Joy and Well-Being
by Philip C. Watkins, Brandy Hutton, and Robert A. Emmons
Joy is one of the last major unexplored positive emotions, largely neglected by emotion scientists. Although it is one of the six basic, innate, and universal emotions, there has been little systematic study of it in psychology. Why has so little research been devoted to the study of joy? Joy is often used as a synonym for happiness, and is commonly treated as a generic positive feeling experienced with other positive emotions. Research suggests however, that joy is a distinct and specific positive emotional response that deserves research attention in and of itself. Although joy may often occur along with other positive emotions, research indicates that joy is a distinct positive emotion. Nine different studies examined the similarities and differences between joy and other positive emotions and found that joy was distinct from other positive emotions, including gratitude, contentment, and concentration/interest. Furthermore, research has shown that distinct interpretations cause joy, and it also helps us live well in a way that distinguishes it from other positive emotions. Thus, these studies suggest that joy is a discrete positive emotion deserving of research in its own right.
How and why is joy vital to human existence? Joy is fundamentally about “connection” — the primary purpose of joy is to reinforce our important relationships with others. When we experience joy, our social bonds are strengthened. This suggests a distinct set of thinking patterns that are likely to cause joy. Joy occurs when we interpret a situation as indicating a connection or return to something good. For example, reunions between people who care for each other but who have been apart for some time are most likely to induce joy. Although these ideas need to be tested by future research, we believe that this best captures the kinds of interpretations of events that are most likely to cause joy.
One reason that joy has been neglected by researchers is because it has not been defined and differentiated from other pleasant feelings, so we need a clearer understanding of this emotion. Like other emotions, joy is the result of an interpretation of a situation that relates directly to our concerns or what we want in life. In this case, the interpretation pertains to the perception of goodness. Joy is a response to something we think is “good.” Recent theoretical work has attempted to define the ways in which the object of joy is good. First, the good is something that one has longed and hoped for. We experience joy when we receive news that something we have been longing and waiting for is finally coming to be. Second, joy has a sense of excess; we perceive the object of joy is more than we expected or believe we deserve, and for this reason we feel especially blessed. Also, we are more likely to experience joy when there has been a “turning of fortune” or “redemptive twist” where something good follows on the heels of something bad. This is why we are likely to experience joy at an unexpected reunion with a friend or loved one; the separation is followed by a surprise reconnection. Joy is also a “response to the goodness of the order of the world” (Thompson, 2015, p. 35). In other words, we experience joy when we believe that our life is being well-lived. This appraisal is difficult if we are living life in a way that is inconsistent with the basic needs of human existence (e.g., trying to live without others). In this sense, joy functions as a barometer of our “attunement with the world” (Thompson, p. 35).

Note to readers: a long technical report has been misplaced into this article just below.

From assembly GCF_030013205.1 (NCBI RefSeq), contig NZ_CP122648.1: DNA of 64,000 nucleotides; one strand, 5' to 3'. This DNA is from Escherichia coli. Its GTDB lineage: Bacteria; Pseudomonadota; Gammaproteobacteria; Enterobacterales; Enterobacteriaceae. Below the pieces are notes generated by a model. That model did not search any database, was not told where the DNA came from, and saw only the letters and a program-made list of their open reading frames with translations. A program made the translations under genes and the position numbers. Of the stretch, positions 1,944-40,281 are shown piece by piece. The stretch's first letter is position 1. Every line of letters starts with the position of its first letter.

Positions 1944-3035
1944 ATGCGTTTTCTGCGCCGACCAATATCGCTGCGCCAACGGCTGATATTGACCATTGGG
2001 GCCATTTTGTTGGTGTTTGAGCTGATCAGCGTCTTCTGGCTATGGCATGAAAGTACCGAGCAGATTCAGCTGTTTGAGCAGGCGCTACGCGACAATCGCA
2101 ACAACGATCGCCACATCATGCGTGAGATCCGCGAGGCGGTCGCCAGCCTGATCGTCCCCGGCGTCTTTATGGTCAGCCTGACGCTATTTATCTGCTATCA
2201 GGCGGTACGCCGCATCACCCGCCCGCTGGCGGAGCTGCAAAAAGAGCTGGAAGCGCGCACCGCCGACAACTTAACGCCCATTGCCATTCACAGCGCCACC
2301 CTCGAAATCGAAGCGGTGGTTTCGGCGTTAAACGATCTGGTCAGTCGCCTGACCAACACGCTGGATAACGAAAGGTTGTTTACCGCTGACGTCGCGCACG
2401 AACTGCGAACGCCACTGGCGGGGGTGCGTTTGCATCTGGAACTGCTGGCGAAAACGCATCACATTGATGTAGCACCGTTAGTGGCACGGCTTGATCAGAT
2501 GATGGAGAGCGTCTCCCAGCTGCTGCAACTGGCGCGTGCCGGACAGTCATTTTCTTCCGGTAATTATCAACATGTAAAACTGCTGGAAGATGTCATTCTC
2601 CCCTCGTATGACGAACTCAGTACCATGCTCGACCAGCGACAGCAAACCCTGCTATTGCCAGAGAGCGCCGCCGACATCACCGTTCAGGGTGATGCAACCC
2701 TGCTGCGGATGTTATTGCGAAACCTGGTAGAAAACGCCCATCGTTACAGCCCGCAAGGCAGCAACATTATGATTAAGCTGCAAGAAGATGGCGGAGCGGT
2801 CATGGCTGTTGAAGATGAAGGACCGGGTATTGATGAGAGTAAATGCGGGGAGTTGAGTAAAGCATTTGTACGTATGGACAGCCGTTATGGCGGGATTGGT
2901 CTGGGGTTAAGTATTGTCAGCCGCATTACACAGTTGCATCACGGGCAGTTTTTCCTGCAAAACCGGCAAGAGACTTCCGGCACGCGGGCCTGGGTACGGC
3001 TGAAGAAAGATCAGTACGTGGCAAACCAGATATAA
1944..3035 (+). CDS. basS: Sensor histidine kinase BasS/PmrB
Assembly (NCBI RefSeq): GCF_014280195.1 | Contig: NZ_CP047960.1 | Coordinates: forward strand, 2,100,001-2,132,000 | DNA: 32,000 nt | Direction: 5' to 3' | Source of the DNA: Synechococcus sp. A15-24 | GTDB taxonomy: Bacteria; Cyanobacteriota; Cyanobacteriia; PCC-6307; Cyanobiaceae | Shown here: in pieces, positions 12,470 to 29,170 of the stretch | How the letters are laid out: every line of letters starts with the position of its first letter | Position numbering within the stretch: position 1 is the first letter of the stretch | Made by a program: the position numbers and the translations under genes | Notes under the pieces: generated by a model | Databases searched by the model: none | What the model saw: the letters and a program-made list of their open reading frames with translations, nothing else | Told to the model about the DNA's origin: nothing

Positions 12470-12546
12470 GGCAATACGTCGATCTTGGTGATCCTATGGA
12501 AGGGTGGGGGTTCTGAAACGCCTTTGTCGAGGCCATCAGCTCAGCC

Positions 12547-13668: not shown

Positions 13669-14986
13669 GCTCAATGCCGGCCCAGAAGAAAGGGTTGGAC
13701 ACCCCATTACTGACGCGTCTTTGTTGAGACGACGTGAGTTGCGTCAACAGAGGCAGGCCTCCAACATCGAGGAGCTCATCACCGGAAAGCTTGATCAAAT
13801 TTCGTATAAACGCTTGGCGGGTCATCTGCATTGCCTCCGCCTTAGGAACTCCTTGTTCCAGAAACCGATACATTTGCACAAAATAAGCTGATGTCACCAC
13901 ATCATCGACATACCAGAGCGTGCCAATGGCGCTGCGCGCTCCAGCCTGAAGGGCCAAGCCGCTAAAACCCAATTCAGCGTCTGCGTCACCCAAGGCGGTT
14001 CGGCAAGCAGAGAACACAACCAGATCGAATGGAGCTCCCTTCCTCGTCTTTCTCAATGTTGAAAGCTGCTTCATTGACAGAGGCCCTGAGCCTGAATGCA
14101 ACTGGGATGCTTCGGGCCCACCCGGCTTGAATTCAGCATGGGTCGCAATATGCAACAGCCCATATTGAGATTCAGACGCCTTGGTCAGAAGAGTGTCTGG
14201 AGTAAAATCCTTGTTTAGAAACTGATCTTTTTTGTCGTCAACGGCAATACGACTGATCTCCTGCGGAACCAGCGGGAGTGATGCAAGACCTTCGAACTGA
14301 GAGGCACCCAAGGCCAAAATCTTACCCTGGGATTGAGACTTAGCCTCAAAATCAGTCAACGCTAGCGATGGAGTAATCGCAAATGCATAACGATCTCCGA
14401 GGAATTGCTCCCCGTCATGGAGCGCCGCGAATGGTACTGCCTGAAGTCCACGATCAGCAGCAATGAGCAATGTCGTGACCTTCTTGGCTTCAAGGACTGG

A few studies have examined the connection between joy and subjective well-being. Researchers have developed measures of joy as both a temporary state (feeling joyful in the moment) and as a more enduring personality trait (a tendency to experience joy more or less often than other people). These measures are moderate to strong predictors of measures of both hedonic and eudaimonic well-being. Moreover, joy is related to gratitude and spirituality. In a recent study where we looked at joy over a period of time, gratitude predicted increased future joy. Somewhat surprisingly, joy also predicted increases in gratitude over time, suggesting an intriguing upward spiral between gratitude and joy. In other words, it looks like gratitude increases joy, but in turn joy also increases gratitude; and this “cycle of goodness” might be important to our happiness. Joy also predicted increases in happiness over time, supporting the idea that joy is important to subjective well-being. If joy is important to subjective well-being, how can we encourage it? Answers to this question remain for future investigations.
Although the study of joy is still in its infancy, several conclusions from research can be drawn. First, joy is caused by a distinct pattern of thinking: People experience joy when they feel (re)connected to someone or something important. Second, joy predicts increased happiness over time. Third, although gratitude and joy are distinct, they support each other in a “cycle of goodness” that enhances your well-being. Finally, joy seems essential for “the good life,” and people would be wise not to miss the opportunity to pursue this emotion. In the words of Robert Louis Stevenson, “For to miss joy, is to miss all.”
Phillip Watkins is Professor of Psychology at Eastern Washington University and conducts research on gratitude and joy. Brandy Hutton is a graduate student in psychology at Eastern Washington University. Robert Emmons is Professor of Psychology at University of California, Davis. He is one of the preeminent researchers on gratitude and joy and the senior editor of the Journal of Positive Psychology.
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